The villa Gallo, designed by Kurt Külby in the early 1960ies, is a modernist house. The unobtrusive formal language of the building is pragmatic and simple. Only the copper-cladded edges of the cantilevered roof and the fine materiality of the façade that is cladded with white marble tiles show that this is an elegant, comfortable and, in its time, ambitioned single family house.
The relation to nature, in this case flora and topography, is an important aspect of the design. Here it is executed in a modernist way, through formal contrast while integrating by means of transparency, view and materiality: Two intersecting rectangular volumes follow the steep slope of the site, leading to an internal split-level organization around a central open staircase. The relatively open-plan cooking, eating and living areas with wide views and general openings also host a big sunken flower pot. There is a grotto-like exterior seating area behind the chimney, that allows access to the garden and ultimately to the big roof terrasse.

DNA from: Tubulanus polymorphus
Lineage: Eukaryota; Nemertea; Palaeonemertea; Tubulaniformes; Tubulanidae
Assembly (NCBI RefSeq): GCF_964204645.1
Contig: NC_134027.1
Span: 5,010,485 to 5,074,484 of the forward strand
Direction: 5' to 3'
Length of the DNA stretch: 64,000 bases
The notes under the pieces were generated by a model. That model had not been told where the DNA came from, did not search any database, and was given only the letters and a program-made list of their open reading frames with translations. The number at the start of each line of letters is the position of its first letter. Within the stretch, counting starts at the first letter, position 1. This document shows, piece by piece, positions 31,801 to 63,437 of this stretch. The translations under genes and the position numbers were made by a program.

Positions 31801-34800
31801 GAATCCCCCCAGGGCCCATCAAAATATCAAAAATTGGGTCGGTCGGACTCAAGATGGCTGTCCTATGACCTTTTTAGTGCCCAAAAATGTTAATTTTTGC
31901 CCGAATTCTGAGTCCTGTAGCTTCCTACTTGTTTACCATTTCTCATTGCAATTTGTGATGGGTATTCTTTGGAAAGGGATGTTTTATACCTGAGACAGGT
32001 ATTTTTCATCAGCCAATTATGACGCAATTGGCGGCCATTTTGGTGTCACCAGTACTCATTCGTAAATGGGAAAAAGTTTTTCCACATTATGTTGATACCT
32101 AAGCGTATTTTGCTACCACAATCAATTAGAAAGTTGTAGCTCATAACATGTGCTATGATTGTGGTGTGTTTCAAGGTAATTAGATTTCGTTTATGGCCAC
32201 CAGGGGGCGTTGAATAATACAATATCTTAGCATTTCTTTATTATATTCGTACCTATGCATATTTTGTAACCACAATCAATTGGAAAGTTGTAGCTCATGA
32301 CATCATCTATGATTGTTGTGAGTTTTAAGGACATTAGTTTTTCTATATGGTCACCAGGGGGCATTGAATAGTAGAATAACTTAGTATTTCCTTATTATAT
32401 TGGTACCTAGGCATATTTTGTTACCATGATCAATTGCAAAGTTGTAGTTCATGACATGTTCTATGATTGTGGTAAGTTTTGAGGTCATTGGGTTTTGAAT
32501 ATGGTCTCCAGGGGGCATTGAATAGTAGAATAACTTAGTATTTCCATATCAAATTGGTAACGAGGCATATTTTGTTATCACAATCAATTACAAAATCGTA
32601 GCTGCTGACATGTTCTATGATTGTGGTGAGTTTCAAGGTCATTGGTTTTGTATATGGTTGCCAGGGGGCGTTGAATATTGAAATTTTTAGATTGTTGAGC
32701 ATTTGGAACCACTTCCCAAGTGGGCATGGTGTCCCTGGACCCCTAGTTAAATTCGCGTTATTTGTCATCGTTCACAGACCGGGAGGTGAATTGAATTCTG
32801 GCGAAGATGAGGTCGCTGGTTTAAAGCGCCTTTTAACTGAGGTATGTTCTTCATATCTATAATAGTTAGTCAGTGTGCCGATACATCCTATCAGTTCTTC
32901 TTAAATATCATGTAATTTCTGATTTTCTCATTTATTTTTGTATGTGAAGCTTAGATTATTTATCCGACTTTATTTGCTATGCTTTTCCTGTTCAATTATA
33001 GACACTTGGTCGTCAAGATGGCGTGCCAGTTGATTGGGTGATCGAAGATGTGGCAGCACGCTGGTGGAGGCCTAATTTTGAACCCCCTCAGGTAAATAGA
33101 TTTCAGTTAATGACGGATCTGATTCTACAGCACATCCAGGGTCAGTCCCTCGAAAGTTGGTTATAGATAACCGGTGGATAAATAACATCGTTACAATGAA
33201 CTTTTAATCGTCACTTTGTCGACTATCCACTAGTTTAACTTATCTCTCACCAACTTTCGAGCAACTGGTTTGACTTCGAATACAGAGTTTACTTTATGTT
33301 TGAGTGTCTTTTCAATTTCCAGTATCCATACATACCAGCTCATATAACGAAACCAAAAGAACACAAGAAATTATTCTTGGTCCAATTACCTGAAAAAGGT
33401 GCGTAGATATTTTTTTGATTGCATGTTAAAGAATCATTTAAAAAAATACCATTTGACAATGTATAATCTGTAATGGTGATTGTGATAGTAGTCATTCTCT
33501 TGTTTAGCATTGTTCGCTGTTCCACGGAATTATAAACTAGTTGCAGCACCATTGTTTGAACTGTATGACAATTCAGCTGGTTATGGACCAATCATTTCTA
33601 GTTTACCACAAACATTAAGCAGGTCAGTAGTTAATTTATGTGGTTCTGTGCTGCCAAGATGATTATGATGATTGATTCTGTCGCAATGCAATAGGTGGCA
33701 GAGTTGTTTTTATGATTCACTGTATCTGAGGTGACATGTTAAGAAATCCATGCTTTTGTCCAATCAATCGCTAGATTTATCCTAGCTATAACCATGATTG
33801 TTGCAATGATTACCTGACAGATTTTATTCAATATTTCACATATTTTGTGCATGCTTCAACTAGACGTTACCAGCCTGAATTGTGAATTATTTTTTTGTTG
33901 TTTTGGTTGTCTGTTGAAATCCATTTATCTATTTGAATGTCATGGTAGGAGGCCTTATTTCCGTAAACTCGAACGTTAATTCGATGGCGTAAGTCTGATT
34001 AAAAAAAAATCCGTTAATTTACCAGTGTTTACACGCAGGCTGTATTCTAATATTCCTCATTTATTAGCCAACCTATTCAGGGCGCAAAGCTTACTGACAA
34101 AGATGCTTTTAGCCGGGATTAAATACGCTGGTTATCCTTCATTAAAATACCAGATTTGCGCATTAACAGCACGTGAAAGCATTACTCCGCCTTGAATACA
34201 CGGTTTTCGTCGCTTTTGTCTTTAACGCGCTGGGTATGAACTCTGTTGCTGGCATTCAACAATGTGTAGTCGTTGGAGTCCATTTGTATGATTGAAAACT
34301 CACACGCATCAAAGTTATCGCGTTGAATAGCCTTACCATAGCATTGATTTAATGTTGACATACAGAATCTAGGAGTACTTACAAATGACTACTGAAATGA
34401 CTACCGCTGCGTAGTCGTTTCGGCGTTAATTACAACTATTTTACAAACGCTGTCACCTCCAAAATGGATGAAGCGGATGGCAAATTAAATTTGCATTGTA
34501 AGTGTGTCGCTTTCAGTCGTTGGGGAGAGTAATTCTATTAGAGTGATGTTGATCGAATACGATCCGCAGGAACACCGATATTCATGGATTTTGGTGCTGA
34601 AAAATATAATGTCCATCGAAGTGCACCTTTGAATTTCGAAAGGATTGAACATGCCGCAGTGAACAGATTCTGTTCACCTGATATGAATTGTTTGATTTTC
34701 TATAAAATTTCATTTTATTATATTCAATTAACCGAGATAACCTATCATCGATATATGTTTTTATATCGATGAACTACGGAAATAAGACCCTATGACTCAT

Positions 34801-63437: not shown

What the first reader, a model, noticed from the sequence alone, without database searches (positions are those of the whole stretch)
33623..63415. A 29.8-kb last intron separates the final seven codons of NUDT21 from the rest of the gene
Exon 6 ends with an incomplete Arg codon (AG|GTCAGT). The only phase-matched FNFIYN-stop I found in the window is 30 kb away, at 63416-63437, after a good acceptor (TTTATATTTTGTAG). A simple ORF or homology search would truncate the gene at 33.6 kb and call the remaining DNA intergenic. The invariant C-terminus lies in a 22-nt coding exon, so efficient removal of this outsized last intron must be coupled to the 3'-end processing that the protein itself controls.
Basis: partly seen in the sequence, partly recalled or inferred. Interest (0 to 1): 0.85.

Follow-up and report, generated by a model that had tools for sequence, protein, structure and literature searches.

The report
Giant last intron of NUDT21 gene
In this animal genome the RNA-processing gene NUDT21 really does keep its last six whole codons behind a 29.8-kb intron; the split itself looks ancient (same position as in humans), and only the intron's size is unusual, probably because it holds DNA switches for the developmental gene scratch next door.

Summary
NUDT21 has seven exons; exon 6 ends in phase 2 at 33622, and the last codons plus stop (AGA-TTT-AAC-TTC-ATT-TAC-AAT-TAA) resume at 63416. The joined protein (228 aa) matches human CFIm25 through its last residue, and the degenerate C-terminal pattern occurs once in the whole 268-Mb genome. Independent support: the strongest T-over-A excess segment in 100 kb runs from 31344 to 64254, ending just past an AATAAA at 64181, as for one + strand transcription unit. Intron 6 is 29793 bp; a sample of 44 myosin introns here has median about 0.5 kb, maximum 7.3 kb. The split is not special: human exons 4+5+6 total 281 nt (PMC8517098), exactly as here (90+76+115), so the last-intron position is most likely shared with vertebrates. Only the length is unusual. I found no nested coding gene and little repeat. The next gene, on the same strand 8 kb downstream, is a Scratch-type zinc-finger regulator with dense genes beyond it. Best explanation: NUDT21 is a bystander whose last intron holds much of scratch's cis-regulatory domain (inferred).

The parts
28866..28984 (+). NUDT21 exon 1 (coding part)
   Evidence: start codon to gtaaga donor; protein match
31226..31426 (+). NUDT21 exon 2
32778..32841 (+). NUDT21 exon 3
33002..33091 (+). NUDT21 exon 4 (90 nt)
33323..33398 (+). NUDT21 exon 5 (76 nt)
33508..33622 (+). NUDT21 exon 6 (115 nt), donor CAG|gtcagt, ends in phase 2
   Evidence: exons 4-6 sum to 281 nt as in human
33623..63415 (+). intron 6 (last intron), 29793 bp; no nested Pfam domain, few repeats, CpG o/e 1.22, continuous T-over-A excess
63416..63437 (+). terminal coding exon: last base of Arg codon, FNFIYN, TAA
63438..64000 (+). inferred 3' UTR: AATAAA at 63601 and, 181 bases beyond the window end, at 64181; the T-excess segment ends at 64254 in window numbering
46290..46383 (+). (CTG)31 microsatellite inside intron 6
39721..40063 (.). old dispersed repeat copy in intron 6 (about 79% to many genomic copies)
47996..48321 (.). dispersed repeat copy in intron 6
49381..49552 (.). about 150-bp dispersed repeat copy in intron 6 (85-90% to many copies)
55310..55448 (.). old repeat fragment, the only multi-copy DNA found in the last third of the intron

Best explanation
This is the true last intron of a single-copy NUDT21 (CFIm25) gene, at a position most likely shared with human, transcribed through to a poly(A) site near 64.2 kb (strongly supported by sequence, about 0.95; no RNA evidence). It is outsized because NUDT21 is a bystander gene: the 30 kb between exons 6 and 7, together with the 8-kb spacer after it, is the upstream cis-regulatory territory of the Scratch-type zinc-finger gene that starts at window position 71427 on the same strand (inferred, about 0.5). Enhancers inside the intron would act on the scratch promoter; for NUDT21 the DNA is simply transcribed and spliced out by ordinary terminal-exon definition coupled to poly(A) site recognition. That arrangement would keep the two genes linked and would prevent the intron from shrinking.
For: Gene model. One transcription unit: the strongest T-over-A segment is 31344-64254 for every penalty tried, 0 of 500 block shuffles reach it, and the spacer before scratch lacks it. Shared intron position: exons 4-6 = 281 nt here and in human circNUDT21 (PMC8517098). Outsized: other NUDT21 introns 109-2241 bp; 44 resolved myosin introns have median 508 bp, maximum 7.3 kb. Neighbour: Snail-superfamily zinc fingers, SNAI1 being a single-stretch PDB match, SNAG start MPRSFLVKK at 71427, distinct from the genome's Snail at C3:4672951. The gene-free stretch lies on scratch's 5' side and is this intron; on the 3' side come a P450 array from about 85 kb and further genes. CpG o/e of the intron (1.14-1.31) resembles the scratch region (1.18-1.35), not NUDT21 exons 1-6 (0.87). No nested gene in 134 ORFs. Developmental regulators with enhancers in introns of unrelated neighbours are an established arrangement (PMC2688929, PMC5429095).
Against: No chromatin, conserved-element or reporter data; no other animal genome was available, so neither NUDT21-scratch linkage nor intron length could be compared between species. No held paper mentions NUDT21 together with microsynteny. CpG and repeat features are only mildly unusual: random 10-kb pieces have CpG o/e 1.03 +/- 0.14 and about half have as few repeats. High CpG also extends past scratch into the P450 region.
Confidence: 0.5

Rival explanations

The careful and high-quality execution of the project has secured its almost unchanged appearance 60 years after construction. The growing vegetation around the building further enhances the primacy of Nature, where humans build, through technical means, only what is necessary for their comfortable wellbeing.